Judiciary Committee Holds First Senate Hearing On Immigration Reform In New Congress
February 13, 2013
WASHINGTON (Wednesday, February 13, 2013) – The Senate Judiciary Committee is currently holding a hearing entitled, “Comprehensive Immigration Reform.” Committee Chairman Senator Patrick Leahy (D-Vt.) scheduled the hearing to focus on one of Congress’s top legislative priorities this year. Testimony, member statements, and a webcast of the hearing are available online.
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Statement Of Senator Patrick Leahy (D-Vt.)
Chairman, Senate Judiciary Committee
Hearing On “Comprehensive Immigration Reform”
February 13, 2013
President Obama should be commended for making Comprehensive Immigration Reform a top priority. He followed his speech in Nevada last month with strong comments in his State of the Union speech last night. I agree with his call for real reforms that will not only address our undocumented population, but will improve legal immigration by reducing the bureaucracy and delays that hinder our job creators and strain families. His recommendations for how to tackle one of our Nation’s most pressing problems are thoughtful, realistic, and inclusive. I am particularly pleased to see that the President’s proposal includes better access to visas for victims of domestic and sexual violence, improved laws for refugees and asylum seekers, and the assurance that every family receives equal treatment under the law. The President’s leadership, the commitment of Majority Leader Reid, and the recent work of Senators are encouraging.
I look forward to seeing principles turned into legislation. Most importantly, comprehensive immigration reform must include a fair and straightforward path to citizenship for those “dreamers” and families who have made the United States their home -- the estimated 11 million undocumented people in the United States. I am troubled by any proposal that contains false promises in which citizenship is always over the next mountain. I want the pathway to be clear and the goal of citizenship attainable. It cannot be rigged by some illusive precondition. We should treat people fairly, and not have their fate determined by matters beyond their control, nor by the judgments of those who have been among the most resistant to enacting rational legislation.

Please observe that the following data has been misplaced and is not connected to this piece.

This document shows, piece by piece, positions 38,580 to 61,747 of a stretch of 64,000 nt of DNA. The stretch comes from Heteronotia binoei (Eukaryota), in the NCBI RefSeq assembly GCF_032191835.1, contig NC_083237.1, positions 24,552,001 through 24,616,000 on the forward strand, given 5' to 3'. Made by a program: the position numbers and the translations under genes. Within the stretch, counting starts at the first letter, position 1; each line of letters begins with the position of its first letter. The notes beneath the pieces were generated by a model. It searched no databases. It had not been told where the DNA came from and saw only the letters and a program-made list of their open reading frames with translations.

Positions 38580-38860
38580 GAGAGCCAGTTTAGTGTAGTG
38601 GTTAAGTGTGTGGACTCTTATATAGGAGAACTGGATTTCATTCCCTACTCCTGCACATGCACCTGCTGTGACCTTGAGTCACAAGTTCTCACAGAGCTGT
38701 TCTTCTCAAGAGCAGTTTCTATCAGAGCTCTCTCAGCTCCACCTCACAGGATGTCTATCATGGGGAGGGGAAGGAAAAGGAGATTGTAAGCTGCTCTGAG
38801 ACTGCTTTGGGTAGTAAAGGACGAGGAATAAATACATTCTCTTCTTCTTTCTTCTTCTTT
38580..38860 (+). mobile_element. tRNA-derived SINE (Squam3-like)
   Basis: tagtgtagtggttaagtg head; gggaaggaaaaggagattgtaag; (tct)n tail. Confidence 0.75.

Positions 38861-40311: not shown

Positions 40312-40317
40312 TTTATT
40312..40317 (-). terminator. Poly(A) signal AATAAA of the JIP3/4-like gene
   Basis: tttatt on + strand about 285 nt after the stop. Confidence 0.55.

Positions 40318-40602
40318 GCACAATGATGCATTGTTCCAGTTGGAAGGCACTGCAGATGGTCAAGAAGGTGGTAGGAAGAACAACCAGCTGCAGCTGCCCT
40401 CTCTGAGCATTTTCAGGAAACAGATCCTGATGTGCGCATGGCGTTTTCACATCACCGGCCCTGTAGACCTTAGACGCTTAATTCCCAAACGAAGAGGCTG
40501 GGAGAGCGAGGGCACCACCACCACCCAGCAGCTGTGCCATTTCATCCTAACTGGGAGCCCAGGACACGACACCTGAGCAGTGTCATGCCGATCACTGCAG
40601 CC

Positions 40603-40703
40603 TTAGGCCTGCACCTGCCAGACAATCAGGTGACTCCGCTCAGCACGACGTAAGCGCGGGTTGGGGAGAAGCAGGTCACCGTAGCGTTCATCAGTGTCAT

This President and Secretary Napolitano have done more in the administration’s first four years to enforce immigration laws and strengthen border security than in the previous administration’s entire eight years. A Democratically-controlled Senate passed a $600 million border security supplemental in 2010. Yet, despite all our efforts and all our progress, there are still some stuck in the past who are repeating the demands of “enforcement first.” I fear they mean “enforcement only.” To them I say that this has stalled immigration reform for too long. We have effectively done enforcement first and enforcement only. It is time to proceed to comprehensive action to finally bring families out of the shadows.
The President is right: now is the time. And in my view it is time to pass a good bill, a fair bill, a comprehensive bill. I want this Committee to complete work on such a bill over the next few months. Too many have been waiting too long for fairness.
At least since 2005, during the second term of the last Republican President, there has been broad acknowledgement that our immigration system is in dire need of improvement and reform. The Senate passed a bill in 2006, but it was thwarted by the Republican House. Again, in 2007, under the leadership of Senator Kennedy, we tried to work with President Bush to advance broad reforms. By then, almost all Senate Republicans had abandoned the effort and opted to become